In his book Essentialism: The Disciplined Pursuit of Less, author Greg McKeown asks this question:
What if we stopped celebrating being busy as a measurement of importance? What if instead we celebrated how much time we had spent listening, pondering, meditating, and enjoying time with the most important people in our lives?
We wear our busy-ness as a badge of honor. If we’re not as busy as we believe the people around us to be (and it’s likely they’re not as busy as they claim but want you to think to the contrary), we start to feel guilty, as if someone will catch us not being pushed to distraction and issue a reprimand.
The irony is that what we all need is the contrary: we need to be pushed to focus.
One way that can be achieved, according to McKeown is to travel the “way of the Essentialist,” which he sums up as the “relentless pursuit of less but better…it isn’t about setting New Year’s resolutions to say “no” more, or about pruning your in-box, or about mastering some new strategy in time management. It is about pausing constantly to ask, “Am I investing in the right activities?” There are far more activities and opportunities in the world than we have time and resources to invest in. And although many of them may be good, or even very good, the fact is that most are trivial and few are vital.”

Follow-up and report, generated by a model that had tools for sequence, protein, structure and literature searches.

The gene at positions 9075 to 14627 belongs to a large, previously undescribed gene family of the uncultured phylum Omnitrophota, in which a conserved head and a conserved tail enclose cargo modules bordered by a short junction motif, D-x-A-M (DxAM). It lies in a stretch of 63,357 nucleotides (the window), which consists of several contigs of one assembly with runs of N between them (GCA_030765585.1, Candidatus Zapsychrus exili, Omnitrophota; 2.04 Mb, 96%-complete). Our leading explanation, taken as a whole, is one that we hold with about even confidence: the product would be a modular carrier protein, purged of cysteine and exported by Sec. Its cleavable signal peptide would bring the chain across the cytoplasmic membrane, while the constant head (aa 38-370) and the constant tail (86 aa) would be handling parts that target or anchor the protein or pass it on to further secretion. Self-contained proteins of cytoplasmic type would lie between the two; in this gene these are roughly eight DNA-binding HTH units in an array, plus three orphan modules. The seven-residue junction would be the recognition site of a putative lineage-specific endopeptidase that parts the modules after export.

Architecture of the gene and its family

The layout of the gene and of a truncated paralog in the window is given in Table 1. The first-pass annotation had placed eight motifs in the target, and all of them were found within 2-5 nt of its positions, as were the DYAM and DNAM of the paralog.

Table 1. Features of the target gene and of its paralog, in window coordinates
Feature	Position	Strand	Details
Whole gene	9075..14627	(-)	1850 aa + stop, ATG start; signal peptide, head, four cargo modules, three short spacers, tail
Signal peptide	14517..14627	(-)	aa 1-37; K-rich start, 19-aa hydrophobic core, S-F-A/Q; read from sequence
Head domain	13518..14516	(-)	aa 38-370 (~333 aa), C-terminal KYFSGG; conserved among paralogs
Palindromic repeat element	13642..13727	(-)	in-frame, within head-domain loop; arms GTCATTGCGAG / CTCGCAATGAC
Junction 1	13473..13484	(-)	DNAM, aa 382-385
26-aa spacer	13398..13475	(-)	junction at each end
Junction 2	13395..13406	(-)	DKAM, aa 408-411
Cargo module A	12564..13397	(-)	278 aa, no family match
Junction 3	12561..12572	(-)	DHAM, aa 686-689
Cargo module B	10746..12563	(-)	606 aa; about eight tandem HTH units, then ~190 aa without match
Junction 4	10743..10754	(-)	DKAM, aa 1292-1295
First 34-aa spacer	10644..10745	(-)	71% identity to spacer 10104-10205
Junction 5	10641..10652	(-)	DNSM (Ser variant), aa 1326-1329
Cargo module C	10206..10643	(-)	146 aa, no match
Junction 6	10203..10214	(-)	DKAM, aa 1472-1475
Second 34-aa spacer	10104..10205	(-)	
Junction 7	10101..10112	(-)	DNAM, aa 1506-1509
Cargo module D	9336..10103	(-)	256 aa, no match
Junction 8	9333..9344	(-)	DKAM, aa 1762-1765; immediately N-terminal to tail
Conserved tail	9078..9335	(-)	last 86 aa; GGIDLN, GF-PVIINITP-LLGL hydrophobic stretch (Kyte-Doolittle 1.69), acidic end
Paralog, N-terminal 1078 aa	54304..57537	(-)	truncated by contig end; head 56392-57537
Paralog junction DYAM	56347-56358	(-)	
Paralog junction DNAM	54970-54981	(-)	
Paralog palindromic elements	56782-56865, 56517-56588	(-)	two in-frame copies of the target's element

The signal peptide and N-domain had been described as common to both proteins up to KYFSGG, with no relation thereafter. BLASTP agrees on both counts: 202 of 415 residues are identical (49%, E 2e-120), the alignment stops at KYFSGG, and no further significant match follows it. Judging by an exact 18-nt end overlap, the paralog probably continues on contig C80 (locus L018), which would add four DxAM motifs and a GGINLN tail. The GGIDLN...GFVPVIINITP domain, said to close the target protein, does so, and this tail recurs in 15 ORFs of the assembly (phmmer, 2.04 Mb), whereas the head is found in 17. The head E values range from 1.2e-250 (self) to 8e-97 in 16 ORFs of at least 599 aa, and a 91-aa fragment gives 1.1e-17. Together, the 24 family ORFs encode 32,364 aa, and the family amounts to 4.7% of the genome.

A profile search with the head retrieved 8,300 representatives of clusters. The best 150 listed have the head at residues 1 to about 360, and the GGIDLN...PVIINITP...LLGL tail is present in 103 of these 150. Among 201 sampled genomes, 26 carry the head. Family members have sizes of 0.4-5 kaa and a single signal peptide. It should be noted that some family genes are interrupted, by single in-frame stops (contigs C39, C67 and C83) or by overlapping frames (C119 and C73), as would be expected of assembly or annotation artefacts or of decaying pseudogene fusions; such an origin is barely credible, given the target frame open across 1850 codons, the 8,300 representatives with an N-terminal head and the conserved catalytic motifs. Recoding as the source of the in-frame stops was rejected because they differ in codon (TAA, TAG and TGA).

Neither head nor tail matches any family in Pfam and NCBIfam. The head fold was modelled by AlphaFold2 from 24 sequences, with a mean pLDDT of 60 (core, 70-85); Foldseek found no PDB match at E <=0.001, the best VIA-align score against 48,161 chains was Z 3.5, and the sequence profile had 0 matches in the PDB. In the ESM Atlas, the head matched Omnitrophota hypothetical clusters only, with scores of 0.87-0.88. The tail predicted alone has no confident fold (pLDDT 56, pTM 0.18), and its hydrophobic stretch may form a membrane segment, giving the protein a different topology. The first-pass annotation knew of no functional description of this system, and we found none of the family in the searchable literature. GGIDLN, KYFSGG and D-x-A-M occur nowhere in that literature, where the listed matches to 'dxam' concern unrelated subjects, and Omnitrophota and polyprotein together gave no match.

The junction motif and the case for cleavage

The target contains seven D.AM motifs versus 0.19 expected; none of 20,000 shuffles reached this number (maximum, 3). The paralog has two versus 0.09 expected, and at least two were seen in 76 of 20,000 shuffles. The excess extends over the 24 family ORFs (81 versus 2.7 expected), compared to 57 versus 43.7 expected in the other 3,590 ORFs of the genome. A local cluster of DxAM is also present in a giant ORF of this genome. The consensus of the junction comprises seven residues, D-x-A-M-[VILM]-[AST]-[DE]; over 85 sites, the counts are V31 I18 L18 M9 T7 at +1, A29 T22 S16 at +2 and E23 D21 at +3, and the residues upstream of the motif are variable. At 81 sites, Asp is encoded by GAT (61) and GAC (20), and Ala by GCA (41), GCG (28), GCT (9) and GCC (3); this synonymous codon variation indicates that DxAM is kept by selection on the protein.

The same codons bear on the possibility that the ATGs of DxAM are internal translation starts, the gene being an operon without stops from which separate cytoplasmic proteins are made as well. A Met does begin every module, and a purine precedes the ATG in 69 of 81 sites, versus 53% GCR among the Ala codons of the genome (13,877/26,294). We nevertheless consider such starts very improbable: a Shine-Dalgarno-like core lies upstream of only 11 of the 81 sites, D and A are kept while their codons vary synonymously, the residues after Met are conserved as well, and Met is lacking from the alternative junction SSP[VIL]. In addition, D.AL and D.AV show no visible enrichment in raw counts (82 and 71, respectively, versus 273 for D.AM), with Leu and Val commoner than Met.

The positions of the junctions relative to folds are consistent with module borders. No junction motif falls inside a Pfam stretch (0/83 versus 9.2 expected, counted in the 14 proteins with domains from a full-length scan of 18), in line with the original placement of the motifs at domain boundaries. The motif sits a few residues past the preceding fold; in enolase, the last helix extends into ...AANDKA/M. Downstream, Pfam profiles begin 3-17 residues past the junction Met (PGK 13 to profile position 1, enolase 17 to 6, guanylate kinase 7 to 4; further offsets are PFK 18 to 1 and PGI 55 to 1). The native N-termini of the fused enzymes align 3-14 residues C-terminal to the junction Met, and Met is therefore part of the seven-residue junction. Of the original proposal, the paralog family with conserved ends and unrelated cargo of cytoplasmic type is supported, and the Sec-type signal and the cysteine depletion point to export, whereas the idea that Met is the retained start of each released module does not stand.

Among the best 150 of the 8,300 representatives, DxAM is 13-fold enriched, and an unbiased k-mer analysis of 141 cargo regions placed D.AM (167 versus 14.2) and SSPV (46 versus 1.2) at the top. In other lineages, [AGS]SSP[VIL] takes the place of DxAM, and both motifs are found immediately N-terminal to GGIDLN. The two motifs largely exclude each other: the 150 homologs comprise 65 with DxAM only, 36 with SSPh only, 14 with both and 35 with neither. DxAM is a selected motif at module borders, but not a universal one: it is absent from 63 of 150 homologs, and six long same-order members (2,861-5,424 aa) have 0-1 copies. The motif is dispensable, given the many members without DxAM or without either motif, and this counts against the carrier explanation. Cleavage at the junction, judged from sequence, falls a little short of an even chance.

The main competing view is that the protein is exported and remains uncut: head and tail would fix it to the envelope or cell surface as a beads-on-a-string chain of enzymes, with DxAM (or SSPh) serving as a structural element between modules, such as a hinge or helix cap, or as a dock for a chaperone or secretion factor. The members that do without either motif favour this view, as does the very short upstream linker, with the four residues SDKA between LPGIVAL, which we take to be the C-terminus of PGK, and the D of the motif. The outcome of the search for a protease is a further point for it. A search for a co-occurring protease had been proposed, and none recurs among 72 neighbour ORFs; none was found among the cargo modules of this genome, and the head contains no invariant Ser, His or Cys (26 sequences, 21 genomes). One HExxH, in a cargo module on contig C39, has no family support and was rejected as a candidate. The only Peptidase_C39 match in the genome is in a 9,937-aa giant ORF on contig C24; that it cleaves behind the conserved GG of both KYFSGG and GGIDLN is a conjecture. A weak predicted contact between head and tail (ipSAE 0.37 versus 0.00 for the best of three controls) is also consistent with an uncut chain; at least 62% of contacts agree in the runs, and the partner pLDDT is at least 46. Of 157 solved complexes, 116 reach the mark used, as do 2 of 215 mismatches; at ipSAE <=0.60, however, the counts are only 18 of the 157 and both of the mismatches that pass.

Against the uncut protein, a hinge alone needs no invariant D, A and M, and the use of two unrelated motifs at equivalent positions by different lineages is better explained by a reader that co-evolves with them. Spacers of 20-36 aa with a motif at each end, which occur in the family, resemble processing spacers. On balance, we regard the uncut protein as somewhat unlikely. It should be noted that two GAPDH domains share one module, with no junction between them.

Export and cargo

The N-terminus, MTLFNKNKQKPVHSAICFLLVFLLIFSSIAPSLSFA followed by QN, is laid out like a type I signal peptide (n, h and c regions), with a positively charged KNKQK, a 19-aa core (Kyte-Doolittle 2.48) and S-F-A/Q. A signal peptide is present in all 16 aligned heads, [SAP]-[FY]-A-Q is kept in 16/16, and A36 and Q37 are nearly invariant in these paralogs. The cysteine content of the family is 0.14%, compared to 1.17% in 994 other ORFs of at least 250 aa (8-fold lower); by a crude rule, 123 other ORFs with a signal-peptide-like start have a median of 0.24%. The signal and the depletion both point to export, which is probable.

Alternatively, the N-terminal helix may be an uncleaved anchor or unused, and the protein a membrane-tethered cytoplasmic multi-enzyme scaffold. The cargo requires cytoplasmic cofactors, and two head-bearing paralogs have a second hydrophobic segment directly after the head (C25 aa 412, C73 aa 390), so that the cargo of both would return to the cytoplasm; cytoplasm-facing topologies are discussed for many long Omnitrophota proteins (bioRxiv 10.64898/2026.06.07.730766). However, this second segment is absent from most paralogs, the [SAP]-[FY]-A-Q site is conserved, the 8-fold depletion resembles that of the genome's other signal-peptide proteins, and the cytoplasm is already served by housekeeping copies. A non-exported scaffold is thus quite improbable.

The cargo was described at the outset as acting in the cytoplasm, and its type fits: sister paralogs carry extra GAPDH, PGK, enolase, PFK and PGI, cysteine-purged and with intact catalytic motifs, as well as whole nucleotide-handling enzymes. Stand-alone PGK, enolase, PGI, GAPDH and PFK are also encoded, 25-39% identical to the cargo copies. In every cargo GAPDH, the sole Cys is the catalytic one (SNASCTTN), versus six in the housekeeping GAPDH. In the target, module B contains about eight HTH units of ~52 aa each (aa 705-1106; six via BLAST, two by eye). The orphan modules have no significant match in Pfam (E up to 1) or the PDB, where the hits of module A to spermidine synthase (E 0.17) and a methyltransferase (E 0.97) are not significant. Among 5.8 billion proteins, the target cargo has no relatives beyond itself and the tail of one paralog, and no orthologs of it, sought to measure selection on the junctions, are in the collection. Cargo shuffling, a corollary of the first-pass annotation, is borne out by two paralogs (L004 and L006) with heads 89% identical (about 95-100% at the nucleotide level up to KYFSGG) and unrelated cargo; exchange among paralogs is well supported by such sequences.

As a startup, we at Changelane are constantly introduced to opportunities which we simply do not have the time or resources in which to invest. We’ve learned from experience what can happen if we become distracted by stuff that makes us busy.
If you eat too much, you get indigestion. Eat less.
If you take on too much, you get busy. Choose to do less.
Talk to people at a truly successful enterprise – whether it’s a startup or a mature business. They won’t tell you they’re suffering from being too busy. They might, though, ask you to wait for just one moment while they enjoy the passion of focus.
The two states might appear to look quite similar. Try them both. One is far more productive.